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A novel integrative strategy to prevent colorectal cancer within the diet-host-microbiota triangle: from organoids to human in vivo reality

Periodic Reporting for period 1 - TRIANGLE (A novel integrative strategy to prevent colorectal cancer within the diet-host-microbiota triangle: from organoids to human in vivo reality)

Reporting period: 2018-07-01 to 2020-06-30

Colorectal cancer (CRC) is the second cause of death in the EU, with one million cases of CRC seen annually worldwide, and a mortality rate of 50%. In the light of these figures, and associated costs, there is an overwhelming need to prioritize and integrate primary prevention measures in existing healthcare plans. The forecasts show that the global burden of CRC is expected to increase by 60%, to over 2.2 million new cases and 1.1 million deaths by 2030, due to an aging population and western dietary patterns.
Dietary patterns, or the food we eat, are the sum of a multitude of small molecules foreign to the body. After being ingested and digested, nutrients are altered by the trillions of microorganisms that inhabit our gastrointestinal (GI) tract, shaping the chemical structures of such compounds and thus modifying the lifespan, bioavailability, and biological effects. In this context, dietary patterns modulate the gut microbiome and alter its functions by modulating the production of gut microbial metabolites (GMMs). Lastly, these GMMs are capable of regulating homeostasis and the risk of GI disease. TRIANGLE has studied the mechanisms by which GMMs may prevent CRC and promote gut health by modelling diet-microbiome-host interactions. The first objective was to establish 3D intestinal models closely recapitulating homeostasis and carcinogenesis. Secondly, diet-gut microbiota interactions were evaluated using a GI track model. Lastly, human colon organoid and tumoroids responses to GMMs deriving from flavan-3-ols were evaluated by 3D imaging techniques and multi-omics approaches.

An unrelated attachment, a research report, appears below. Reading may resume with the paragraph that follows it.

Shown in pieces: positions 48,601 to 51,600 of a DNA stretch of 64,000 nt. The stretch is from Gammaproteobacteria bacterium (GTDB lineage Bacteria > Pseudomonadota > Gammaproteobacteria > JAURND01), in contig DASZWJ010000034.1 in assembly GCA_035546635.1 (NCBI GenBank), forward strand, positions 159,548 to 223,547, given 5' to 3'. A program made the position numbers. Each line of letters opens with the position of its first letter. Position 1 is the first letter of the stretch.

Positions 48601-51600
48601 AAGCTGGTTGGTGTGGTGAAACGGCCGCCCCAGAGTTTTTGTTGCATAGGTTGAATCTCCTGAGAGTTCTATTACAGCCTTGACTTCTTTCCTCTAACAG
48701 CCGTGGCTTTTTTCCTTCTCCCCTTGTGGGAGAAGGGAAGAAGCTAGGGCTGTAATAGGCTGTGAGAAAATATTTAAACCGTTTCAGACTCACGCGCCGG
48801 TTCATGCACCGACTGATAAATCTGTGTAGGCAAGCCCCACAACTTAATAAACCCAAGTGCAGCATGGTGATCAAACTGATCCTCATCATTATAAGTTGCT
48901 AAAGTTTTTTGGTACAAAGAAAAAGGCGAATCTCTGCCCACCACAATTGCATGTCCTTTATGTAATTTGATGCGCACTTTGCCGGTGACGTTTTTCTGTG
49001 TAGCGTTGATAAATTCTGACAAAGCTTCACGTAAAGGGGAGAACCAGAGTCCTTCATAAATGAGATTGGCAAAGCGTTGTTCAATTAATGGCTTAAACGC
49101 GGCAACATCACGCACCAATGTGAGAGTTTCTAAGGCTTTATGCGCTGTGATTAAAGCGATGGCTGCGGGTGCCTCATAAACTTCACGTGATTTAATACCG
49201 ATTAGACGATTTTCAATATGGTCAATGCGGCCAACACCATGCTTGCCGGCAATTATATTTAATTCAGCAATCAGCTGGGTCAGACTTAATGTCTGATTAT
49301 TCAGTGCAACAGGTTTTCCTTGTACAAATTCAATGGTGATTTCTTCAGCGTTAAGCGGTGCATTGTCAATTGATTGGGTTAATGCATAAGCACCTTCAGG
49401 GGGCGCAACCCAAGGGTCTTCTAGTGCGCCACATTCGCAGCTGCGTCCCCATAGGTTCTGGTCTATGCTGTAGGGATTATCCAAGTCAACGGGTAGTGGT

The main aim of the WP1 was to establish human colon organoid and tumoroids cultures, to reach this goal, two collaborators assisted me. First, I carried out a secondment at BRIC (University of Copenhagen). This research stay has established a fruitful collaboration creating knowledge, skills, and values to develop a biobank of human colon organoids and tumoroids. Secondly, all samples used for deriving human colon organoids and tumoroids were shipped from the “Casa Sollievo della Sofferenza” Hospital, San Giovanni Rotondo (Italy).
WP2 consists of research activities directed towards gut microbial metabolites released by lean and obese gut microbiotas. Renetta Canada and control samples (cellulose, pectin, and blank) were digested following in vitro gastric and duodenal digestion protocols. After the digestion of fruit and vegetables, up to 90-95% of dietary polyphenols, such as flavan-3-ols are not absorbed by the small intestine, and together with non-digestible polysaccharides (fibre) reach the colon almost intact, where they interact with gut microbiota. At this point, proanthocyanidins (PACs), and fibre undergo extensive microbial bioconversion, producing phenyl-γ-valerolactones (PVLs), their derived hydroxy-phenylvaleric acids (PVAs), small phenolic acids, and short-chain fatty acids (SCFAs). The latter group of GMMs, SCFAs, has demonstrated an extraordinary potential to influence cell behavior in homeostasis and CRC disease. By contrast, intestinal epithelial cell responses to PVLs, PVAs, and phenolic acids are still unknown.